1. Servant of God  (starts at the local level: typically, you have to wait 5 years after the death of the candidate before you can even start considering them. Then you gather all the information about the person you can, and a formal tribunal is called – with witnesses, evidence, the whole gambit…The first stage of the trial passes through 9 theologians who consider the case, and vote; if approved, the case moves on to the Congregation for the Causes of Saints, made up of cardinals and bishops) → 


    Meanwhile, Pope Pius IX has been stuck at stage 1 for 189 years…

  2. Venerable  (candidate officially brought to the attention of the Pope, and the faithful of the church may pray for God’s will to be manifest as to whether the person should be canonized, or no) →
  3. Blessed  (in order to reach this level, the candidate has to either: 1) be a martyr, or 2) have performed a miracle) →
  4. Saint  (for a candidate to reach this level, at least 2 miracles have to have been performed through their intercession after they died – this is in addition to the miracle making them “blessed”)

The canonization process, with its court-like approach, encompasses all these steps, with God’s and the Devil’s Advocates working their sides all along the way until one side wins out.

If all the arguments of the Devil’s Advocate are sufficiently addressed, the person can finally be made a saint.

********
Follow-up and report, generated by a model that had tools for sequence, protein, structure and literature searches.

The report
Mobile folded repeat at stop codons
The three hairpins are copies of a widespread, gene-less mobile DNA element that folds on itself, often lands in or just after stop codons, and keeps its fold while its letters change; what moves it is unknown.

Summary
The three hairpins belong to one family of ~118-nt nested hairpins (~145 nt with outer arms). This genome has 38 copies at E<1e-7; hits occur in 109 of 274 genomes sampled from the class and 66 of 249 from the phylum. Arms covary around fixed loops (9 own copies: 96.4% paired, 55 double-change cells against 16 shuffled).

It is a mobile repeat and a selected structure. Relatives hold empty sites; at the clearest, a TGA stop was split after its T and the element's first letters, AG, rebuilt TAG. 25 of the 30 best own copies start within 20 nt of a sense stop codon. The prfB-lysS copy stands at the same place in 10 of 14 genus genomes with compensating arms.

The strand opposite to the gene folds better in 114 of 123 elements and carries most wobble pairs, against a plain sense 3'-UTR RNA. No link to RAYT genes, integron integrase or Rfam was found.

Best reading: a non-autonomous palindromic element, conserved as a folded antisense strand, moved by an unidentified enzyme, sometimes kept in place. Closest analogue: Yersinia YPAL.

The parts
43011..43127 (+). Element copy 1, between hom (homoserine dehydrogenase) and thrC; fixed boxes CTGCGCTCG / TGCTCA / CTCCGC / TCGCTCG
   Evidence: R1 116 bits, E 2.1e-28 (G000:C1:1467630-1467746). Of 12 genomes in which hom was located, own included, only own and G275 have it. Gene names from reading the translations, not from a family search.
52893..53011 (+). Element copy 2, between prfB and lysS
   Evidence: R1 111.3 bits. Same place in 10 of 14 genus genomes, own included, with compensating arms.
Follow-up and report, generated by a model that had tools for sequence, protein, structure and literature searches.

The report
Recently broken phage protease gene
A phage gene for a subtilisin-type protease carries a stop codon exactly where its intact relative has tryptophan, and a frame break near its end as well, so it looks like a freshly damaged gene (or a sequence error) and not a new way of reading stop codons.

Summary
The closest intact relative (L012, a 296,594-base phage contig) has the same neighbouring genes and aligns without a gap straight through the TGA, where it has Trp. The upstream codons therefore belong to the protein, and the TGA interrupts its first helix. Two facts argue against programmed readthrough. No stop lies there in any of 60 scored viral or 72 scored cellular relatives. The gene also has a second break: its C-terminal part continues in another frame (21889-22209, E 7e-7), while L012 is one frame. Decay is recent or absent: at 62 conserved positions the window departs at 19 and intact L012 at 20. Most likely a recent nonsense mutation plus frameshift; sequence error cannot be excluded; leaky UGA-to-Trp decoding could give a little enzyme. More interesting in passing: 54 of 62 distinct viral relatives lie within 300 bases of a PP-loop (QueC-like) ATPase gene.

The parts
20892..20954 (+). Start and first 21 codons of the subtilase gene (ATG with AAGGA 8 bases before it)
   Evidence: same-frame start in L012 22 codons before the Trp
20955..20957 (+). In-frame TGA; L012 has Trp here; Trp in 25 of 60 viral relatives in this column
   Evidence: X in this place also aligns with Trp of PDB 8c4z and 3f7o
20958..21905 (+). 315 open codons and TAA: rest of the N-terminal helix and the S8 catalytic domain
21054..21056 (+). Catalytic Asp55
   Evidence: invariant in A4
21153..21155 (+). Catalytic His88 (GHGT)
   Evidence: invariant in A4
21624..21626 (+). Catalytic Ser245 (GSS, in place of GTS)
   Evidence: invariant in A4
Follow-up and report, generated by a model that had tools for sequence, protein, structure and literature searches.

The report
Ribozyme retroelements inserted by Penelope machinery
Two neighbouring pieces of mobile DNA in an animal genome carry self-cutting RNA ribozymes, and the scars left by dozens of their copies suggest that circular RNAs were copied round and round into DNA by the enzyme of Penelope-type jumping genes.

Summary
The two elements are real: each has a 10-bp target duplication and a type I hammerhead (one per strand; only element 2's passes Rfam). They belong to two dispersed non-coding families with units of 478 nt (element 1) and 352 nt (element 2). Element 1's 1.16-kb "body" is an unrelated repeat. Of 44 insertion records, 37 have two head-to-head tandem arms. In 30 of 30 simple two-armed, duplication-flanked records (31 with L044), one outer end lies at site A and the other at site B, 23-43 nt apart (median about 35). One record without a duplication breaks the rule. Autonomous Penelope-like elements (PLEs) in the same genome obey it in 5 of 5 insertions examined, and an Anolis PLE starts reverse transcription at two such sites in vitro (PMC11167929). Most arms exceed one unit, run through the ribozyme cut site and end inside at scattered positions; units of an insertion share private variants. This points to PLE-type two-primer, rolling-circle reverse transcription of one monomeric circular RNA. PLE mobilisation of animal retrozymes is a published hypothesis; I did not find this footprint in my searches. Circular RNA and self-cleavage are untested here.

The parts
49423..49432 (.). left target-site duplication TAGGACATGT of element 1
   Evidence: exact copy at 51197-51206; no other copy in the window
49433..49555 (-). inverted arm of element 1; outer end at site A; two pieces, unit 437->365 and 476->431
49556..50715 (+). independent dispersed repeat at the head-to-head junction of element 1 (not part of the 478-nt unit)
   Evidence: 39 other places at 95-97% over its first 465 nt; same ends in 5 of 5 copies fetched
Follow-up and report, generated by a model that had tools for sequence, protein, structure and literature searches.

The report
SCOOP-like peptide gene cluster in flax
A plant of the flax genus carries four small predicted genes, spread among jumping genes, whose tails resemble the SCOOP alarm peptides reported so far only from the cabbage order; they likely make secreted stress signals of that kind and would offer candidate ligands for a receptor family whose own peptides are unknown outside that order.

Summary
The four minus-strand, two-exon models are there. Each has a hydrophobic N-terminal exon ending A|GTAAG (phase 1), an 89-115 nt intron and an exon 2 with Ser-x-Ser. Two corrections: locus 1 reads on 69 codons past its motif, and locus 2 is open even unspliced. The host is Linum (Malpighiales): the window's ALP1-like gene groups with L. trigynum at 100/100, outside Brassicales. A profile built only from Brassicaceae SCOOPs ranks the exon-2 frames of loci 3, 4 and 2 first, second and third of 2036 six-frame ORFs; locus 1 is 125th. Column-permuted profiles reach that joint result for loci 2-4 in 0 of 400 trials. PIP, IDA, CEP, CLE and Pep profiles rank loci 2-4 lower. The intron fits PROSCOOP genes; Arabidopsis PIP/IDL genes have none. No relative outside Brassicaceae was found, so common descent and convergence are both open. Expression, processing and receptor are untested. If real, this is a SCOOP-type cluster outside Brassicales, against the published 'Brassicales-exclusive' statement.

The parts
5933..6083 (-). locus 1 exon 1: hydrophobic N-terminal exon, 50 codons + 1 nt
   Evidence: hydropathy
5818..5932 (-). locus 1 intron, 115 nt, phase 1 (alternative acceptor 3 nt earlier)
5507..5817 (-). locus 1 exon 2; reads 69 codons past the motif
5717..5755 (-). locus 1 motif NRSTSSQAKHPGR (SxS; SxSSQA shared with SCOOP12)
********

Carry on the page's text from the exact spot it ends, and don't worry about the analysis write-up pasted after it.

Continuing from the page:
Mother Teresa just recently completed this ordeal: she had gone through the whole trial, with the Devil’s Advocate offering his many arguments. But in the end, she passed the test. This last Sunday, on September 4, Mother Teresa was officially canonized as a saint in the Catholic Church.

It comes down to this: the Catholic Church is very careful about who is named a saint. The church would rather take its time and make sure it has super-legit and uncontested saints, than rush through some iffy ones without considering the other side of the matter.

And if it takes a Devil’s Advocate to have a balanced assessment, then so be it.

I think that’s pretty cool.


Saint Teresa of Calcutta



One thought on ““The Devil’s Advocate”: A History

  1. Thank you for an interesting article. The position of devil’s advocate in the canonization process is interesting. As you indicated, the devil’s advocate argues against a person progressing through the process. It seems like the advocate’s task would be easier for a candidate who has been alive the last 30 years. Take the case of Joan of Arc. A devil’s advocate would have difficulty finding out what she said and did on a daily basis. However, if Joan of Arc was alive “recently”, the advocate could check her Facebook page, her blog, as well as Twitter and Instagram. With that level of information, a devil’s advocate would have an easier time finding weaknesses and shortcomings.
    I also wondered how hard a devil’s advocate should work. If I were the devil, it seems like I would want as many people as possible to make it through the canonization process. Why? Because if you can convince people it is easy to become a saint, you effectively lower the bar of righteousness. The lowered bar would mean people would not worry about making mistakes and repenting. To paraphrase a Book of Mormon writer, a condition in the last days is that people would believe they could eat, drink and be merry and still be saved in the kingdom of God. Being a devil’s advocate who argues in favor of a low threshold for canonization seems like a way to accomplish this change in people’s concepts of bad, good and best.